Other Albanians populations due to emigration between the 19th and 21th centuries are located in Australia, Argentina, New Zealand, Canada, Germany, Belgium, United Kingdom, France, Sweden, Switzerland, Slovenia, Croatia, Italy, Finland, Denmark, Norway, Austria, Netherlands, Bulgaria, Greece and Romania.
an Illyrian tribe mentioned by Ptolemy in the city of Albanopolis.
While the exonym Albania for the general region inhabited by the Albanians does hark back to Classical Antiquity, the Albanian language employs a different ethnonym, with modern Albanians referring to themselves as shqipëtarë and to their country as Shqipëria.
Albanians within Yugoslavia underwent periods of discrimination and eventual self-determination that concluded with the breakup of that state in the early 1990s culminating with Albanians living in new countries and Kosovo.
Outside the southwestern Balkans of where Albanians have traditionally been located, Albanian populations through the course of history have formed new communities contributing to the cultural, economic, social and political life of their host populations and countries while also at times assimilating too.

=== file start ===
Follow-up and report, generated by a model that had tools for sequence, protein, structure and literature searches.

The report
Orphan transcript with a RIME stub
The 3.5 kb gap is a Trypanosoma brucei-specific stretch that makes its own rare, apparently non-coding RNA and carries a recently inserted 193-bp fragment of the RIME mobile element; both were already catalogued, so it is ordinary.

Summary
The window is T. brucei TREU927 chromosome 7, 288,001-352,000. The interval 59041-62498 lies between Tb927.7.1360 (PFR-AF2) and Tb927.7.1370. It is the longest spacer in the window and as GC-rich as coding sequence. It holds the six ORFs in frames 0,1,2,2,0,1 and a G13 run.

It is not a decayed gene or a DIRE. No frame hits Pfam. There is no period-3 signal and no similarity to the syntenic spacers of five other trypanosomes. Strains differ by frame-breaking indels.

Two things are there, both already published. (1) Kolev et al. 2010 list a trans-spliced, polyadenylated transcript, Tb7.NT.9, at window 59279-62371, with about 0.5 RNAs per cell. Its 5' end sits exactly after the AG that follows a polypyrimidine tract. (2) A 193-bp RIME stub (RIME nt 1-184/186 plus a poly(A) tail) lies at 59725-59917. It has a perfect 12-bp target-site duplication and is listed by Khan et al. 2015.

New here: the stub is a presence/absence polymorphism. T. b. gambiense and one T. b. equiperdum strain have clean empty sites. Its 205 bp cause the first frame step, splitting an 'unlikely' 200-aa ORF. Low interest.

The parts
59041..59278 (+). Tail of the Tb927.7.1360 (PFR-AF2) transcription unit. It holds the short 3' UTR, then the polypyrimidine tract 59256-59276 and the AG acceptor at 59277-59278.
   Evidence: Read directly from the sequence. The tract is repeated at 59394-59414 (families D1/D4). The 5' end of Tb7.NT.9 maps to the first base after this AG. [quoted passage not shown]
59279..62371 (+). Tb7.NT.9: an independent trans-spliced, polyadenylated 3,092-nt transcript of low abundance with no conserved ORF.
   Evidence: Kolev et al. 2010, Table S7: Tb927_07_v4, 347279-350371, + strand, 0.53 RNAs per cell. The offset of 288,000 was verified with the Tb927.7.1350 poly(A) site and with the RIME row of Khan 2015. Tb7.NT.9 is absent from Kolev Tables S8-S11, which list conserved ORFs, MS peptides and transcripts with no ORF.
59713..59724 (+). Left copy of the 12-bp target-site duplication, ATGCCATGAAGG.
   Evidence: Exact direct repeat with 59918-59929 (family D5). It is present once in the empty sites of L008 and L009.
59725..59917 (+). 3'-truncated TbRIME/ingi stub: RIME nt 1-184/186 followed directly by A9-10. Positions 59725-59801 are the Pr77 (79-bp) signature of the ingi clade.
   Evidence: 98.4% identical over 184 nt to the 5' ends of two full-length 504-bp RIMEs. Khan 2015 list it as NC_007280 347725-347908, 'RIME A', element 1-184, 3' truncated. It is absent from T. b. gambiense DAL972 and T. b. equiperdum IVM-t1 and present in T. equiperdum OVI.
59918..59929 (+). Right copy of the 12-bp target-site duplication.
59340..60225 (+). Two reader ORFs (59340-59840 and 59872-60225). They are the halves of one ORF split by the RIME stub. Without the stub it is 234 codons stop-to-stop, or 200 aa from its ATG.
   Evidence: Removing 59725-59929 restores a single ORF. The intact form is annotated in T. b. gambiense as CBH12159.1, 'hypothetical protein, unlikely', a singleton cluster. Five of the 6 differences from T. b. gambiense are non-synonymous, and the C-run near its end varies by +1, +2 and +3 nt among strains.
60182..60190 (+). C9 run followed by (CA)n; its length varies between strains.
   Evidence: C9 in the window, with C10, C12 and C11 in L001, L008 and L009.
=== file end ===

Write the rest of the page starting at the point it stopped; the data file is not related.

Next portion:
Between the 11th and 18th centuries, sizable numbers of Albanians migrated from the area of contemporary Albania to escape either various socio-political difficulties and/or the Ottoman conquest.
One population which became the Arvanites settled down in southern Greece who starting from the 16th century though mainly during the 19th century onwards assimilated and today self identify as Greeks.
and form the oldest continuous Albanian diaspora producing influential and many prominent figures.
Smaller populations dating to migrations during the 18th century are located on Croatia’s Dalmatian coast and scattered communities across southern Ukraine.
The Albanian diaspora also exists in a number of other countries. It was formed during the Ottoman era through economic migration and early years of the Turkish republic through migration due to sociopolitical discrimination and violence experienced by Albanians in Balkan countries.
In Western countries, a large and influential Albanian population exists in the United States formed from continuous emigration dating back to the 19th century.
Albanians are not recognized as a minority in Turkey.
However approximately 500,000 people are reported to profess an Albanian identity.
With those that have only partial Albanian ancestry and the Turkified ones the number is about 1,300,000-5,000,000 most of whom do not speak Albanian.